EPA Lauds Cal Food Program

The U.S. Environmental Protection Agency is praising UC Berkeley's efforts to reduce the amount of food thrown away at school dining halls. Cal Dining signed up for the EPA's Food Recovery Challenge a year ago, and has cut food waste by more than one-third. That means the university is buying less food, and saving more than $1,600 every week.
"This is all about dollars and cents," said Jared Blumenfeld, regional EPA administrator and Boalt Hall Law School graduate. "There's only so much feel-good-ness a university is going to take on. They need to know that it's going to save them money.  So this is saving them significant amounts of money, primarily because it costs more to put it in a hole in the ground -- namely a landfill -- than a compost facility which then can sell it to a farm."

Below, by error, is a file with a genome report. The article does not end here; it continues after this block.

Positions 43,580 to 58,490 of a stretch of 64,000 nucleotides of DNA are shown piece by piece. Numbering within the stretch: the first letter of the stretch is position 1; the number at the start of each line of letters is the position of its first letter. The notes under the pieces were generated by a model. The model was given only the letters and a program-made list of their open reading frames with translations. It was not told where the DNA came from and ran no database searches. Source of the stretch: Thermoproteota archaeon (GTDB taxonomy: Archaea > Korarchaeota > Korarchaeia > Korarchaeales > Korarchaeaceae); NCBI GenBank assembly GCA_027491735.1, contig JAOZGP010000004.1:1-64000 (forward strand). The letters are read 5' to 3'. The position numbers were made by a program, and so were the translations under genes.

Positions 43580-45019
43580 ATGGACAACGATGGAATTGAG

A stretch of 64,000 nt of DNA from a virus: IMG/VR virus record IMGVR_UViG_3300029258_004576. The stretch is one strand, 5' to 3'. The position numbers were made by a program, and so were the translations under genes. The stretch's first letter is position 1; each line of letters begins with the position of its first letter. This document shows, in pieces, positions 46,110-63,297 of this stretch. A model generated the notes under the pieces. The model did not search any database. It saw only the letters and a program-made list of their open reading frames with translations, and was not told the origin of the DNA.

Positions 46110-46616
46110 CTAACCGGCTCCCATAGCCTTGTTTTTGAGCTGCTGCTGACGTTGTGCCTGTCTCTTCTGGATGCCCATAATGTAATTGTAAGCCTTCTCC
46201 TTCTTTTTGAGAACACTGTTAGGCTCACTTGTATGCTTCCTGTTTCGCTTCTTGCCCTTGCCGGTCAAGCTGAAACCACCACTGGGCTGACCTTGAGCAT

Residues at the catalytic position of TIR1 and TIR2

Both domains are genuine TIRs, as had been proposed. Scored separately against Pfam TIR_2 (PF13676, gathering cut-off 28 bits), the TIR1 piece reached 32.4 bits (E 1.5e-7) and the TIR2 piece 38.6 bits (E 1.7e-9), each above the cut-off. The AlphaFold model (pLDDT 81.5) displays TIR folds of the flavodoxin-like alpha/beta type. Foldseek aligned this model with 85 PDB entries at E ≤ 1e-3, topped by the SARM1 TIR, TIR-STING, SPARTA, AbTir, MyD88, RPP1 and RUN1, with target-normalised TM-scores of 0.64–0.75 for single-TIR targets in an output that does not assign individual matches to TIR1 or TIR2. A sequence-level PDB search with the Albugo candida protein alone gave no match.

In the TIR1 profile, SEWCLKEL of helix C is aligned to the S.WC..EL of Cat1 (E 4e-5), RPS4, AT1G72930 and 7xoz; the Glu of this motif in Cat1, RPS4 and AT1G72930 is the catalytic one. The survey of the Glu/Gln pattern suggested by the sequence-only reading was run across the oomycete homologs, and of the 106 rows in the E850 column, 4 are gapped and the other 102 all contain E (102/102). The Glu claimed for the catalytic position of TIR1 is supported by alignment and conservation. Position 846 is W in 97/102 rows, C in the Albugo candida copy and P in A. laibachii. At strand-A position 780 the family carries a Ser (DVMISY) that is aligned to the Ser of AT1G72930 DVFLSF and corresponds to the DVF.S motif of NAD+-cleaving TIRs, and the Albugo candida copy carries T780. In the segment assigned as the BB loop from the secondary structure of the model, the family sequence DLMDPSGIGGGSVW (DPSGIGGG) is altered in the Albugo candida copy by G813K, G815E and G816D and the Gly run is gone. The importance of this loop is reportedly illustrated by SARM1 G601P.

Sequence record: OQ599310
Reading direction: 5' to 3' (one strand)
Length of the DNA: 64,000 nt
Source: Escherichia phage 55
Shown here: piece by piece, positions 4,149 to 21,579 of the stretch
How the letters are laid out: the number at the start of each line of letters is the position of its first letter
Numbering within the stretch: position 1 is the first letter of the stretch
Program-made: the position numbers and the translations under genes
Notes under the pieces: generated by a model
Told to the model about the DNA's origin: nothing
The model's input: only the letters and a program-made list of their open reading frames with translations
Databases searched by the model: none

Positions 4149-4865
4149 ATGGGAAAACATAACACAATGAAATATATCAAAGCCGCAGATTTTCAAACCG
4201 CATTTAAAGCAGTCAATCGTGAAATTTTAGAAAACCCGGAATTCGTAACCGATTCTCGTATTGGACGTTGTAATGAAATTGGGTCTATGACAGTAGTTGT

Cal Dining has cut the amount of food going to a landfill by roughly 1,000 pounds a week, by diverting scraps to composting and taking uneaten food to homeless shelters.

UC Berkeley is one of eight UC campuses participating in the voluntary Food Recovery Challenge. Blumenfeld visted the campus to honor the food conservation program as part of America Recycles Day.

Become a KQED sponsor

Follow KQED News on Facebook

Follow KQED News on Twitter

For the latest updates from KQED News, follow us on Twitter.